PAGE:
The second ‘coup’ began as soon as the GKChP showed its hand on August 19th. With Gorbachev held incommunicado in Crimea, Boris Yeltsin, the charismatic but erratic president of the Russian Soviet Federative Socialist Republic (RFSFR) – the largest of the Soviet republics – co-ordinated resistance to first coup, calling publicly for Gorbachev’s return, but was simultaneously the prime mover in the second.

Unlike Gorbachev, elected Soviet president by the Congress of People’s Deputies (the partly-democratic Soviet Parliament), Yeltsin had been elected by a popular vote in June 1991, defeating Gorbachev’s preferred candidate. Yeltsin initially responded to the GKChP coup by demanding “a return to normal constitutional development”, and calling Muscovites onto the streets. But by the time the GKChP was dissolved on August 21st, he had transferred power over the Russian economy and the Soviet security forces on Russian territory to himself, though he had no constitutional or legal power to do so, and had reduced Gorbachev to insignificance. This second coup was the one which counted.

These events took the West by surprise. Western leaders were heavily invested in Gorbachev, who had signed far-reaching arms reduction agreements with them, and presided over German unification and the (relatively peaceful) end of communist rule in Eastern Europe. Gorbachev’s standing in the West, however, blinded Western politicians to the fact that his domestic position was much more precarious. Muscovites did not take to the streets to protest when Yeltsin unconstitutionally stripped Gorbachev and the Soviet authorities of power after the coup. Gorbachev’s unpopularity meant that even though the majority of the Russian population would probably have preferred to keep the Soviet Union in one piece, there was no unrest when Yeltsin unilaterally withdrew Russia from it. He thereby made it easier for other republics to leave. The final nail in the Soviet coffin came when the leaders of Belarus, Russia and Ukraine met on December 8th and declared that the Soviet Union “as a subject of international law and a geopolitical reality is ceasing its existence”; it legally expired on December 25th.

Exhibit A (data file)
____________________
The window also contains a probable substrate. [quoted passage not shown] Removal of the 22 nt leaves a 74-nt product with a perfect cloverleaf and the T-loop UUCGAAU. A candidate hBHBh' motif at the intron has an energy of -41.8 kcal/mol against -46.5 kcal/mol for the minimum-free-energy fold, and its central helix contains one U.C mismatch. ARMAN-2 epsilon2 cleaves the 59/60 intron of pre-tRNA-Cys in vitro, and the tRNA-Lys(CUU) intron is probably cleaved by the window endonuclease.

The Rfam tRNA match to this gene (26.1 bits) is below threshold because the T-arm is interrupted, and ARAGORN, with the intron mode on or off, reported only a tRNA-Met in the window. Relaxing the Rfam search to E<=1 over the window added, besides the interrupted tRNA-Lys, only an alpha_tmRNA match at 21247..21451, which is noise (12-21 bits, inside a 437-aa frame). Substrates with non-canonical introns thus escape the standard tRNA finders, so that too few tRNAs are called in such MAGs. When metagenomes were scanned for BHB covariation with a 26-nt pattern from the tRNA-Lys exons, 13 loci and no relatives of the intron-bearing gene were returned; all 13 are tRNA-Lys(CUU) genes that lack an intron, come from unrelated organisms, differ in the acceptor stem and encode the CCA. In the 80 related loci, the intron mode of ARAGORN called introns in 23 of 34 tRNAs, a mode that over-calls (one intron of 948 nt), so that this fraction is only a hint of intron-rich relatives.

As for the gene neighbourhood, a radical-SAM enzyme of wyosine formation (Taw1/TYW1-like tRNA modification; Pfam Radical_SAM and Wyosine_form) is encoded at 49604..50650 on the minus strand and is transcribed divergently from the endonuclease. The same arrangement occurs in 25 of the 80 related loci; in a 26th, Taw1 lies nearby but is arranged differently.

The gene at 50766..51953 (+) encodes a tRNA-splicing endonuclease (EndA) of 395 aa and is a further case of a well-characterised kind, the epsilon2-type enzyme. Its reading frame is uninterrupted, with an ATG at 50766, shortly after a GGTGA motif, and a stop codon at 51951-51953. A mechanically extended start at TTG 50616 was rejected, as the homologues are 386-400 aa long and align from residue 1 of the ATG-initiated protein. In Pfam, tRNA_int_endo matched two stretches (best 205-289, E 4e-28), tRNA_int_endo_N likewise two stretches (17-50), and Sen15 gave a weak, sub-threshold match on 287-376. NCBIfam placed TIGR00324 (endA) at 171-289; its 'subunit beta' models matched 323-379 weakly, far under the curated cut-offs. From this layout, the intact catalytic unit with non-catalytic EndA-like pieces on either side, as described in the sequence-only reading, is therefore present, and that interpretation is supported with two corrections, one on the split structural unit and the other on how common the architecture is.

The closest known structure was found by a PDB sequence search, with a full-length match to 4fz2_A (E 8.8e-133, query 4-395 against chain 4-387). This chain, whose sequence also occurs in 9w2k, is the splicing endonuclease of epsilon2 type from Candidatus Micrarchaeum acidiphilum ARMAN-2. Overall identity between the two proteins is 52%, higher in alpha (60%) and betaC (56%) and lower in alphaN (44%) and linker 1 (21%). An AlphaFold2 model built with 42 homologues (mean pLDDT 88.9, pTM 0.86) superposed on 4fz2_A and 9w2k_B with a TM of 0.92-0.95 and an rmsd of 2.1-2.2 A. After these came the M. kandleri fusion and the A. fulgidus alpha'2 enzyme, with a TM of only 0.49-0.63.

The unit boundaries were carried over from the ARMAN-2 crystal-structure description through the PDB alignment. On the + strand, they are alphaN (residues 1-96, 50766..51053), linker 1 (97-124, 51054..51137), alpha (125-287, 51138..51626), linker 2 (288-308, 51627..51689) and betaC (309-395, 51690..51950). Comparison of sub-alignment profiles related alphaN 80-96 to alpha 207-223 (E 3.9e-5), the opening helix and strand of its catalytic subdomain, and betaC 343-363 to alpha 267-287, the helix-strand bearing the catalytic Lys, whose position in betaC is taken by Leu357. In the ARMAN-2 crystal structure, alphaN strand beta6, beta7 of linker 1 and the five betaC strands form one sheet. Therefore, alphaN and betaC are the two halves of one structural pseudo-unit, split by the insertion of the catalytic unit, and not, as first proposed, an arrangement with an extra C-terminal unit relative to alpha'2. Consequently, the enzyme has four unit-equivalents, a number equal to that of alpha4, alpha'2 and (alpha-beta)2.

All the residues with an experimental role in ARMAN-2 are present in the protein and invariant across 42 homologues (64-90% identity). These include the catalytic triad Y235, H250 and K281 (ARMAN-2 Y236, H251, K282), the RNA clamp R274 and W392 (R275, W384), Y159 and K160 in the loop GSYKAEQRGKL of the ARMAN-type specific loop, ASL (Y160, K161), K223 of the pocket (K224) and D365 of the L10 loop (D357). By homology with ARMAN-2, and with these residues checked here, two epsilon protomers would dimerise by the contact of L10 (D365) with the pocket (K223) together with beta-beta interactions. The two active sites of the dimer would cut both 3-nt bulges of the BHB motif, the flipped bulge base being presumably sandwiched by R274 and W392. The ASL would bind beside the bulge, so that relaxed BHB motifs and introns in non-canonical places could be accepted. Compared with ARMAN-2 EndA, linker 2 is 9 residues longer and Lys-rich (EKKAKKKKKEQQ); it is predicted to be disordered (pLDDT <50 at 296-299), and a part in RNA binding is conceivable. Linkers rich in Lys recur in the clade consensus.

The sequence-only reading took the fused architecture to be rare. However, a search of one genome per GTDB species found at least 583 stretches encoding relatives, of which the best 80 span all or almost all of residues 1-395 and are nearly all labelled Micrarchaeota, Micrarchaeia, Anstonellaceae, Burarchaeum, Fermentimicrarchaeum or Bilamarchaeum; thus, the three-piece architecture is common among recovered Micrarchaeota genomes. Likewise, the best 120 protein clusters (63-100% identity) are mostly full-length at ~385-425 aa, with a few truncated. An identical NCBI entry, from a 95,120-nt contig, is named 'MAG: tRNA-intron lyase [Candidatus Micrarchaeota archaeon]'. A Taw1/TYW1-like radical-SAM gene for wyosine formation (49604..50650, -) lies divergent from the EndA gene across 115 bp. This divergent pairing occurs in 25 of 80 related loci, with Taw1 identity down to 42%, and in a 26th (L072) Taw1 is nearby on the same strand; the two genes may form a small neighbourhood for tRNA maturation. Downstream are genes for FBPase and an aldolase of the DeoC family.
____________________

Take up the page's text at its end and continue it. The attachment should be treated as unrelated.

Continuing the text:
Vladimir Putin was a KGB officer in Dresden from 1985 to 1990 – while Gorbachev left East Germany to its fate. By 1991 he had become deputy mayor of St Petersburg, as the Soviet Union’s economic and political order disintegrated. What lessons did he draw from the coup and the events around it? In his authorised autobiography/interview ‘First Person’, published in 2000, Putin says “In the days of the putsch all the ideals and goals that I had on going to work in the KGB collapsed”. It is not clear whether he was disappointed that the KGB had tried to depose Gorbachev, or that it had failed so incompetently. But evidently he did not lose his faith in the methods of the KGB, or in its personnel. Yeltsin split up the KGB into a number of different services; Putin has reassembled most of them in the Federal Security Service (FSB), with the exception of foreign intelligence. He has also placed former KGB officers in key national security and economic posts: Nikolai Patrushev as Secretary of the Russian Security Council (which Putin chairs); Sergei Ivanov as defence minister and then (till 2016) as Kremlin chief of staff; and Igor Sechin as boss of oil giant Rosneft. Thirty years after the failed coup attempt, the KGB and its successors are as central to the way Russia operates as they were in the late Soviet period; the reformers around Gorbachev and Yeltsin are largely irrelevant.